Mounting Risks Abound in Data Privacy, Security

News Release

Ask a room full of pharmacy attorneys and executives to raise their hands if they’re concerned about data privacy and security, and you’ll likely get a nearly unanimous response: they are. And that’s exactly what happened at Quarles & Brady’s 3rd Annual Pharmacy Law Symposium in Chicago.

Quarles & Brady associate Heather Siegelheim asked the question to kick off a panel discussion titled, “Privacy and Security: The Data Gets Bigger, the Stakes Get Higher.” Nearly everyone in the room raised a hand, to Siegelheim’s approval. But while she was pleased to see that so many in the industry are taking data privacy and security seriously, Siegelheim also used the moment to show a perilous reality in the health care industry.

“Health care entities generally don’t have the resources, processes or technologies to adequately protect their data,” she said. “And that is absolutely critical to understand.”

That’s because health care companies, including pharmacies, are particularly vulnerable to data breaches. Siegelheim and her colleagues, partners Margaret Utterback and Heather Buchta, described the situation: Health care data is more heavily regulated than most industries, and related breaches are on the rise.

In fact, Utterback said, a study by the Ponemon Institute revealed that nearly 90 percent of health care organizations had suffered a data breach in the past two years; 45 percent had suffered more than five data breaches in that time. And criminal cyber-attacks caused half of those breaches.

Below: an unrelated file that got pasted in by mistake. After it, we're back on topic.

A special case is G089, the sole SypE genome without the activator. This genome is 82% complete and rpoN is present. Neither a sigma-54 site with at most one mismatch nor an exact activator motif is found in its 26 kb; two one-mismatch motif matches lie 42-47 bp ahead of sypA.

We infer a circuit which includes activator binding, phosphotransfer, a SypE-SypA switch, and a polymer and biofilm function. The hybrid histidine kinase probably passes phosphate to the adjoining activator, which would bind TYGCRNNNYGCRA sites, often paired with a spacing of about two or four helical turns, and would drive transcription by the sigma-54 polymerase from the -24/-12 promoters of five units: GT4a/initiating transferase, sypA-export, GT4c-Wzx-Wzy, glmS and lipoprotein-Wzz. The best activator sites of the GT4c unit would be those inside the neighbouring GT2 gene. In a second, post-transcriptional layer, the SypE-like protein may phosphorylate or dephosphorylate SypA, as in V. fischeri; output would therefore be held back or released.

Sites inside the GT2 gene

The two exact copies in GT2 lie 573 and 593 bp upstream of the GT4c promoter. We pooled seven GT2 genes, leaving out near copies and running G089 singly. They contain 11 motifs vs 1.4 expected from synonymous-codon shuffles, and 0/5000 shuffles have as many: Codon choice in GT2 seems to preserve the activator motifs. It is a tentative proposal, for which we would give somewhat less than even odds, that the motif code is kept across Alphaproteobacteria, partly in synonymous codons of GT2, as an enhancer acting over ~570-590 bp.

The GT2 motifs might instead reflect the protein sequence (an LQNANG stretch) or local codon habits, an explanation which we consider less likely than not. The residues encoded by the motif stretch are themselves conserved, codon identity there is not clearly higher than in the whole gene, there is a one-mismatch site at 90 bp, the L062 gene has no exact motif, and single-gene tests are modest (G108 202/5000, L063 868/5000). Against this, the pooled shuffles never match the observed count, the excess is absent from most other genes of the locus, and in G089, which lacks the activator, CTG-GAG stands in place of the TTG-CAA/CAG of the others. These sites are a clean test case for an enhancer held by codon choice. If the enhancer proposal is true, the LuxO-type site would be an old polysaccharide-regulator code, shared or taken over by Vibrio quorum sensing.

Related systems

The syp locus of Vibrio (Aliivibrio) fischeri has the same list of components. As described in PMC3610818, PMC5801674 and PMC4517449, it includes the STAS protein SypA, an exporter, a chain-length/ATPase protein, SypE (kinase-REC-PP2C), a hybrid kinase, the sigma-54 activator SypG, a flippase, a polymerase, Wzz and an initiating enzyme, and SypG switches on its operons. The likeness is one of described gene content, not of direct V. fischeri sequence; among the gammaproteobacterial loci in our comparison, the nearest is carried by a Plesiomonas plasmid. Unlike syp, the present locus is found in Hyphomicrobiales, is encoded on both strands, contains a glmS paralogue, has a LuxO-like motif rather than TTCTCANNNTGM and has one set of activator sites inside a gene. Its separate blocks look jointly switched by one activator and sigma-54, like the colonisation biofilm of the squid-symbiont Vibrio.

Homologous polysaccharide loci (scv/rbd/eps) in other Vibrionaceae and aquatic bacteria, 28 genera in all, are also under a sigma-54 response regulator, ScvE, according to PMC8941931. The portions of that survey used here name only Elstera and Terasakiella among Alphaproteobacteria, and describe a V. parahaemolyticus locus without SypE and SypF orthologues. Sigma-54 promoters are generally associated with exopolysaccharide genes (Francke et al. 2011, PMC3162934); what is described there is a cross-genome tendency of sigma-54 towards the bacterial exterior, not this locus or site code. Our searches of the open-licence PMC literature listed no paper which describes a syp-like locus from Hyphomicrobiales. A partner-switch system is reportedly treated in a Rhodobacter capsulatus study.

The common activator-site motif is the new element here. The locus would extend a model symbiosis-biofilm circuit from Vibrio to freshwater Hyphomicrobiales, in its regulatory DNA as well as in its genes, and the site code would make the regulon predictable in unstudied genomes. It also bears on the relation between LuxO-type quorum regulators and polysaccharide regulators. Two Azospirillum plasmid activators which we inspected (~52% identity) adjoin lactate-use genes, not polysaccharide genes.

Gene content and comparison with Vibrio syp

And those criminals aren’t letting up. Even worse, they’re constantly honing their hacking skills. “The bad guys are getting sneakier, and they’re really good at what they do,” Utterback said.

After describing the threat and the urgency pharmacies should feel, the Quarles & Brady attorneys provided the symposium attendees with an outline of the latest developments and most pressing requirements around health data privacy and protection.

Those included the Security Rule under HIPAA (Health Insurance Portability and Accountability Act), the federal law governing the privacy and security of patient information. Siegelheim emphasized that HIPAA’s Security Rule is intended to be “flexible and scalable,” to give health care entities leeway in implementing new technologies to improve patient care. But, she cautioned, there is no "one-size-fits-all" approach to HIPAA compliance and the Department of Health and Human Services’ Office of Civil Rights (OCR) does not specify the level of detail or type of controls that are required. This leaves it to companies to be able to justify every step they take in securing their data.

In practice she said, that means, “document everything – every engagement, every transaction, every partner interaction.”